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School not asking too much

October 6, 2012
Fairmont Sentinel

To the Editor:

I consider myself a big fan of living in Fairmont. We choose to live and raise our family in this community. Part of what we love about this community is that our children are provided a well-rounded education.

One of my concerns is that if the school's referendum does not pass, that will no longer be the case. Last year, my daughter, who is in fifth grade, had 35 children in her class. I cannot imagine anyone facing the challenge of educating 35 children day after day.

I have personally seen what an unsupported school system can do to good teachers. It loses them. I also believe that families, who can choose, will choose other communities to raise their children if the school system suffers. Those families buy houses, shoes and groceries. They eat in restaurants, run the tires off cars and support our churches. The whole community will suffer.

I would guess that anyone reading this letter had taxpayers agree to pay for them to have the opportunities of music, art and athletics. It saddens me that for years my husband and I paid for other people's children to have music and art and the opportunity to try athletics, and now that my children are in the schools, that may not be an option.

If the school is not able to offer a variety of programs, the wealthy will probably not suffer. They will find other ways to provide those opportunities for their children.

It is the working class and at-risk youth who will suffer. I worked for 10 years with at-risk youth and can assure Fairmont citizens that those are the kids who will miss out. Those are the kids whom our community most benefits from having them involved. It gives them a reason to stay and be successful in school. It gives them the opportunity to learn what it means to work together, to strive for betterment of a team, to focus your energies on something positive, and yes to keep busy and stay out of trouble.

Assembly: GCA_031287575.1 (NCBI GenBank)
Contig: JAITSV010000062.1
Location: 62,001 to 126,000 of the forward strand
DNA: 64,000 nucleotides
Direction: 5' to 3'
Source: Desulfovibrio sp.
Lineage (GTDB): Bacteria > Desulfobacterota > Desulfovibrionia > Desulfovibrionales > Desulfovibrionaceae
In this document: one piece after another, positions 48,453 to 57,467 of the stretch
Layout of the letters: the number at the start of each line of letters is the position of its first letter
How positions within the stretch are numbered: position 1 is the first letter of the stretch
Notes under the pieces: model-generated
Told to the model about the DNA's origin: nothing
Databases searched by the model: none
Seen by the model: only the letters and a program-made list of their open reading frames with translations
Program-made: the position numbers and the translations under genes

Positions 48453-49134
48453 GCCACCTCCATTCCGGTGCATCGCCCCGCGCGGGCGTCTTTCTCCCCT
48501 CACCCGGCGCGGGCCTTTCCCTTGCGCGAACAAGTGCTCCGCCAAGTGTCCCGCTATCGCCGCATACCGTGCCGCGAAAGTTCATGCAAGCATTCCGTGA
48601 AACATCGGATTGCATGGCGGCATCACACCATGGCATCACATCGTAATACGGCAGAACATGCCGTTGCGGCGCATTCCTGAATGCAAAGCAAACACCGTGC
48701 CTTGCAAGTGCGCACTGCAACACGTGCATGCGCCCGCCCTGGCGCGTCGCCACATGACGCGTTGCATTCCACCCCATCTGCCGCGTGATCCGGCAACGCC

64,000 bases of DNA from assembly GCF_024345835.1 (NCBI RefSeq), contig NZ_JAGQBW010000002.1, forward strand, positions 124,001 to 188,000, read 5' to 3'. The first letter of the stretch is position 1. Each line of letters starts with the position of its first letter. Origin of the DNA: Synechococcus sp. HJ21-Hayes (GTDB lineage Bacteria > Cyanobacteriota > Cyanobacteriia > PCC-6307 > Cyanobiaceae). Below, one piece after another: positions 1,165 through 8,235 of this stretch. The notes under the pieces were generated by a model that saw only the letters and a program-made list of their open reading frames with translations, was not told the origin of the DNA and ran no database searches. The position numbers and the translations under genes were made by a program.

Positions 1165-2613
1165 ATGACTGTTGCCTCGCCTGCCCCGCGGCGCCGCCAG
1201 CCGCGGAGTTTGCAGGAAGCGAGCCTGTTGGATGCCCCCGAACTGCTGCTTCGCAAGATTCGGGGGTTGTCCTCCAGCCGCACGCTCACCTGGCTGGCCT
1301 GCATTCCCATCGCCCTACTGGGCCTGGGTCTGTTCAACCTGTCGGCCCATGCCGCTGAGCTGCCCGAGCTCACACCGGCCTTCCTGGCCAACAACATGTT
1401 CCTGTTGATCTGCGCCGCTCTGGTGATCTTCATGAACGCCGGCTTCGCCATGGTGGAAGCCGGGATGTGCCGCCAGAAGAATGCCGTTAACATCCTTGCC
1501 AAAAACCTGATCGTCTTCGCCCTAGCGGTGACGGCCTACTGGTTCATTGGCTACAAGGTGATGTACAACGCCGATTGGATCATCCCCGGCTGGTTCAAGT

Art, band, orchestra and music teach our students how to listen, read and creatively think outside the box. Skills that will help them throughout their lives. These are healthy tools they can use to cope with the stressors life throws at them.

I realize it will affect our taxes. Another reason we appreciate living in Fairmont is that when we came here our taxes were one-third of what they were where we came from in Iowa. Fairmont's current levy is between one-half and one-third of our neighboring communities and far below comparable communities like St. Peter, New Ulm, Worthington and Albert Lea. Yes, I did the research and read the numbers.

I do not think the referendum is asking too much. I hope on election day we all choose to support our schools and Fairmont's future through voting yes for the school referendum.

Carolyn Higgins

Fairmont

 
 

 

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